7.2/10
700
2 user 8 critic

Raving Iran (2016)

Two DJ's in Tehran are battling to play the music they love and set up dance parties. Local regime does not look well at harbingers of western culture of decay so the protagonists need to do big decisions.

Director:

Sue Meures
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2 wins & 2 nominations. See more awards »

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Storyline

Two DJ's in Tehran are battling to play the music they love and set up dance parties. Local regime does not look well at harbingers of western culture of decay so the protagonists need to do big decisions.

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Genres:

Documentary

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Details

Country:

Switzerland

Language:

Persian | English | German

Release Date:

30 July 2016 (Mexico) See more »

Also Known As:

A tomboló Irán See more »

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Technical Specs

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User Reviews

 
Partly interesting (first half, in Iran) moving over to a less interesting half (in Zürich). Very relevant final scene whether or not to stay in Zürich
23 May 2017 | by JvH48See all my reviews

Saw this movie at the festival Movies That Matter (what is in a name?) in The Hague in March 2017. The first half, in Iran, was interesting, especially their visit to the Ministry of Culture and Islamic Guidance, when trying to find out what was allowed and what not. For example, they showed a draft CD cover, after which they learned that English texts were forbidden, unless unavoidable for very specific reasons, like proper names. Also complicated were the rules around setting up a concert and still complying with current laws, like women were to appear only in the background, and several more such intricacies. They finally outstayed their welcome, and did not dare to ask any other questions, despite having much more they wanted to know (and we too, for that matter). After that we witnessed a tour along print shops which offered a similar picture, many but's and however's by the owners, all that in fear of the police shutting down their shop when apprehended.

An actual concert they were preparing was also interesting because of many obstacles to surmount while renting equipment, finding a concert location (finally wound up in the desert), transporting instruments and equipment to the place where the concert was to take place, offering many informative facts along the line. It gives a rough insight in the oppressiveness of Iranian society, something you won't notice as a tourist while wandering through one of the major cities. The movie defies what we derive from the superficial vision that shows Iran to us with all the appearances of a modern country, technically well advanced, with a streetscape not much different from ours. We are inclined to assume that the only thing that makes Iran stand out from an average Western country, is seeing women on the street with scarfs and many dressed in black.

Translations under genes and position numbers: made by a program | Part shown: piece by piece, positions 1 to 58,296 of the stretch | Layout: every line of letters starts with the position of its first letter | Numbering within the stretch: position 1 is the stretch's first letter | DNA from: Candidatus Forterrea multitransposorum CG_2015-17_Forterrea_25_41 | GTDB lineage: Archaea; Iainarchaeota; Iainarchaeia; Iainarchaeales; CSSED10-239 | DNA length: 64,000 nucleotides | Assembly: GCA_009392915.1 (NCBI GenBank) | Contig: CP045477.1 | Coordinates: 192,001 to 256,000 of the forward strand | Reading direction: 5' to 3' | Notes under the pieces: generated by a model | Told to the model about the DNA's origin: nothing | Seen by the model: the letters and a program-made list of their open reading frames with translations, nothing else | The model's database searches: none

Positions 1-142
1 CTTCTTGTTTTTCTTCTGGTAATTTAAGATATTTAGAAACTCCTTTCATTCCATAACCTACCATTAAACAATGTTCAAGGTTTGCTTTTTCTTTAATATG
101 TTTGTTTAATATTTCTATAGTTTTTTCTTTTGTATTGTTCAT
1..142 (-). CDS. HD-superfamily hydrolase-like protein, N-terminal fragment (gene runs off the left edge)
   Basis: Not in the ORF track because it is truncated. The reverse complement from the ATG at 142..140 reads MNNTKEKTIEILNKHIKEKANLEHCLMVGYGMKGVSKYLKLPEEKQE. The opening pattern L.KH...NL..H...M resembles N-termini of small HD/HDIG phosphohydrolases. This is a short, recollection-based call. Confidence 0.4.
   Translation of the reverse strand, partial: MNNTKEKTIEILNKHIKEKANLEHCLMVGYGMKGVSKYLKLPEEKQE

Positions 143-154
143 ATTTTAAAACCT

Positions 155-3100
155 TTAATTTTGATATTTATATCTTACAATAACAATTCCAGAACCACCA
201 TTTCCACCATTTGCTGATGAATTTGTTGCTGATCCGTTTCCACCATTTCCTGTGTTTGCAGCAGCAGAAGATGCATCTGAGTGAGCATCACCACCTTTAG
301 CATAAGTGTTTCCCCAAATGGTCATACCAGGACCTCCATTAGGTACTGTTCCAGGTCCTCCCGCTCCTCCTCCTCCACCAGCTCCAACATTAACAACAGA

Most of the movie's second half, in Zürich, was not interesting at all. The only relevant thing to report happened in the last scene, where they pack their belongings, check-out of their hotel, and get a cab to drive them to the airport. They seem fully prepared to return to Iran. Were they really in the mood to return to Iran, or not?? (no answer here because of spoilers). Even their mother, in a phone call, was hinting that staying in Zürich may be a good idea, which is indeed a difficult thing to say for a mother. All of this, condensed in the final minutes of the movie, offered food for thought, contrary to the rest of their stay in Zürich that was anecdotal at best.

All in all, apart from its first half plus the final scene, the movie was mildly interesting. The first half demonstrated unclear laws and regulations, intentionally left unclear as I learned from other Iranian movies. It's a country in a continuous state of transition, something unavoidable when hosting numerous cultural, linguistic and ethnic groups, as well as several religions. The latter counters our false notion that Islam is the one and only recognized religion in Iran. This diversity may however not apply to the countryside, but it is certainly a fact of life in the main cities. It makes any movie from Iran interesting, regardless of having passed the censors or being smuggled out of the country. I regret to say that this one is not the best showcase to enlighten us about Iran, possibly interesting for the music which does not match my taste so I ignored that.


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